debts, there have also been allegations that banks are using non-monetary
conditions in loan contracts to foreclose on farms, despite those farmers not
having missed any principal and/or interest payments.
The Department of Agriculture also noted that it had been informed of
allegations relating to declining land values and impacts on loan to value
ratios, allegedly unsound property evaluation processes, use of higher interest
rates on riskier loans, and potentially unreasonable use of other loan
covenants and provisions to foreclose on farm properties.
The committee notes however, that while nominal broadacre land values in
northern Australia have declined by 20 per cent on average since 2008 and by
greater amounts in some parts of Queensland, this followed an increase in
nominal broadacre land values of over 400 per cent over the previous decade.
The committee considers that these dramatic changes to land values shows that
borrowers and banks should take care to set realistic LVRs when real estate
prices are rising rapidly.
FOS informed the committee that it considers it unusual for a financial
services provider to rely on a non-monetary default alone when calling in a
loan. FOS noted that non-monetary defaults occur from time to time, but it is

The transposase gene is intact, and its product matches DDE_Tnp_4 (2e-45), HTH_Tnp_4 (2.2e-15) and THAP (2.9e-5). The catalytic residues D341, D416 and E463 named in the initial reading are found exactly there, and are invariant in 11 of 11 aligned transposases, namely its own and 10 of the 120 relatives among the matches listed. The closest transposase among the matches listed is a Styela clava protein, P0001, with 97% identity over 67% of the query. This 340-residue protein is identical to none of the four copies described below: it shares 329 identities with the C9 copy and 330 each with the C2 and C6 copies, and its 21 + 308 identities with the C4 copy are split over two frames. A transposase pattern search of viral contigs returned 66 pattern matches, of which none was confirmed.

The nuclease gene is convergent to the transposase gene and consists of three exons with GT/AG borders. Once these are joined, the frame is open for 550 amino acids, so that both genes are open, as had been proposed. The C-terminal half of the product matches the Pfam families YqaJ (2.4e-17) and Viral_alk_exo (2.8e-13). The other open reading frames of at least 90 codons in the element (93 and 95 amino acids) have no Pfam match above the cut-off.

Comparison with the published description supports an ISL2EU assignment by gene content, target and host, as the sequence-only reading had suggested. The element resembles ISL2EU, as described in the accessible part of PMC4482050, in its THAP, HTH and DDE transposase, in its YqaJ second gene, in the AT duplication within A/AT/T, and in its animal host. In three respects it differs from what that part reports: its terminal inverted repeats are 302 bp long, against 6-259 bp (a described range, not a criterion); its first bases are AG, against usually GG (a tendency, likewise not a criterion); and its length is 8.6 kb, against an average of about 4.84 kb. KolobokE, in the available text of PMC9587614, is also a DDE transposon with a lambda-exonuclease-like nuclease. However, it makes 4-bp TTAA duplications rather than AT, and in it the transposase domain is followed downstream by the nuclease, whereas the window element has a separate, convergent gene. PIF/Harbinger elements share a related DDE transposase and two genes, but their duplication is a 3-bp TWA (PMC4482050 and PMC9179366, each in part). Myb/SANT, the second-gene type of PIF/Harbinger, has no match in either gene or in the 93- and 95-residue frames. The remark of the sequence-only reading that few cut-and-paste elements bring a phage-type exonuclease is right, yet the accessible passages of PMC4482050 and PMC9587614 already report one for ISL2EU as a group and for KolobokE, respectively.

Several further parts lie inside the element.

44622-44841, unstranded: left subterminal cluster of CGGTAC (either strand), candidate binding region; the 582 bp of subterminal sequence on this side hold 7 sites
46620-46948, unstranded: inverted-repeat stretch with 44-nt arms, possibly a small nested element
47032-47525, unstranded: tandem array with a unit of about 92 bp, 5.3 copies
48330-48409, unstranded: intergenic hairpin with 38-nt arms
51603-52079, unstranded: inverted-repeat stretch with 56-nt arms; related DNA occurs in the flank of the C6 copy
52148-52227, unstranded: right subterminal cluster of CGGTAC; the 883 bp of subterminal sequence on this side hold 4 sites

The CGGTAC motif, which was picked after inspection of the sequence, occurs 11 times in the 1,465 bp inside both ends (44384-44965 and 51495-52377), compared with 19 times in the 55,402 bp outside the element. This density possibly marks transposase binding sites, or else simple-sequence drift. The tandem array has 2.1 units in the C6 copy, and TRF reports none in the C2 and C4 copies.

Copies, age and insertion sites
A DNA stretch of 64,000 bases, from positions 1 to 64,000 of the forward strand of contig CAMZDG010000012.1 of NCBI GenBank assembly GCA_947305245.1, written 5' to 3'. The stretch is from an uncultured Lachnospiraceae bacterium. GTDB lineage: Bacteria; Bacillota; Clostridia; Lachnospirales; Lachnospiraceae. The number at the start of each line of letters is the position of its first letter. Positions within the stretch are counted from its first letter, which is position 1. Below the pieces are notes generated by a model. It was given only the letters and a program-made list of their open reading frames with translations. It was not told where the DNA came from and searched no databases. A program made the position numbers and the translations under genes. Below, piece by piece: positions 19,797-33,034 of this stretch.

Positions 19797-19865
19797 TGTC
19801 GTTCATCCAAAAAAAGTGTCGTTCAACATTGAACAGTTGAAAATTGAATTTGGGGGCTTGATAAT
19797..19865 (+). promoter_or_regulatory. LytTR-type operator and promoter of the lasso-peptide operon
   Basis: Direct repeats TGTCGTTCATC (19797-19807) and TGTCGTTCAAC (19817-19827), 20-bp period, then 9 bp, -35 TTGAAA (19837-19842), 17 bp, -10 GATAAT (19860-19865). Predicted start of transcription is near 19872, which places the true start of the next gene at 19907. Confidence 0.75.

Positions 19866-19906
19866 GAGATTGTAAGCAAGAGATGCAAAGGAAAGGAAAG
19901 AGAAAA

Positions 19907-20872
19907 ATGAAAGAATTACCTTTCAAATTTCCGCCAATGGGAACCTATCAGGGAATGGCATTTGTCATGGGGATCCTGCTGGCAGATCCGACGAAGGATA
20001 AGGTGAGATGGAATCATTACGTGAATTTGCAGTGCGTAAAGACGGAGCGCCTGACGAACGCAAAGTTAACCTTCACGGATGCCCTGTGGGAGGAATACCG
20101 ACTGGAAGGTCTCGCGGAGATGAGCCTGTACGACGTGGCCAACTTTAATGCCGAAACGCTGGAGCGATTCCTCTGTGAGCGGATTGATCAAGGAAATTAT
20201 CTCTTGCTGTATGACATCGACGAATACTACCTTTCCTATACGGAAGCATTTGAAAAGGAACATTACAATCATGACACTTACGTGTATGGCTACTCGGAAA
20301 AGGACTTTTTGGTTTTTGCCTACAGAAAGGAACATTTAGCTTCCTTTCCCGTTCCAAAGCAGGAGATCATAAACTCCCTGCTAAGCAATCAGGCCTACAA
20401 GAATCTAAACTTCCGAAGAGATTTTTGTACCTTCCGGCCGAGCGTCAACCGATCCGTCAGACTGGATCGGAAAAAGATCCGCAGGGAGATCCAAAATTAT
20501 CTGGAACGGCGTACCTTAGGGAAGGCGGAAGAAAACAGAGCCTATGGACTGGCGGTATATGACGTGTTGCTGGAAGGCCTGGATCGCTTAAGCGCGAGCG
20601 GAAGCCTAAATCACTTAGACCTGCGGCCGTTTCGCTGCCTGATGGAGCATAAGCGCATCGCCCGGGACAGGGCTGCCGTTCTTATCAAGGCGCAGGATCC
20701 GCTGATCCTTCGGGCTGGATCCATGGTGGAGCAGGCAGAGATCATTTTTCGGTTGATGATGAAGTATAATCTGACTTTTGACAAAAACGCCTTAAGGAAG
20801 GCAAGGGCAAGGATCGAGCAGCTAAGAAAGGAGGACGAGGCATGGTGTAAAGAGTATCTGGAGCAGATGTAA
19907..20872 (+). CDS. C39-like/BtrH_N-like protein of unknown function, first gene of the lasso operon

more likely that a bank will rely on a payment default to call in a loan. FOS
also noted that there is usually only a short period of time given to comply
with the notice, however, in most cases this follows a longer period of
Some witnesses, however, argued that monetary default was triggered by
actions or inaction by the banks such as excessive fees associated with
investigative accountants, delays in notification of a decision to not roll
over a facility or directions to take certain actions such as reducing the LVR
through disposal of income producing assets or incurring fees through forced
rate-swaps or hedging.
ABA information on banks practice
regarding non-monetary defaults
The ABA argued that data collected from a selection of ABA members shows
that the proportion of customers with loans which are in difficulty is very
For the year ending March 2015 less than 1 per cent of
business and agribusiness customers had impaired loans and a tenth of 1 per
cent were in recovery action. In only a handful of cases were substantial
changes to LVRs the major factor that created impairment of the loan. The
overwhelming majority of defaults were a result of monetary breaches of the
loan covenant or a combination of both monetary and non-monetary breaches.
The ABA submitted that banks are required to make prudentially
responsible lending decisions and that the occurrence of problems is low given
the substantial number of business loans in Australia. The ABA argued that:
it is not industry practice for banks to use non-monetary
processes or triggers such as LVRs to impair customer loans or to construct a
it is not financially beneficial for banks to adopt the practices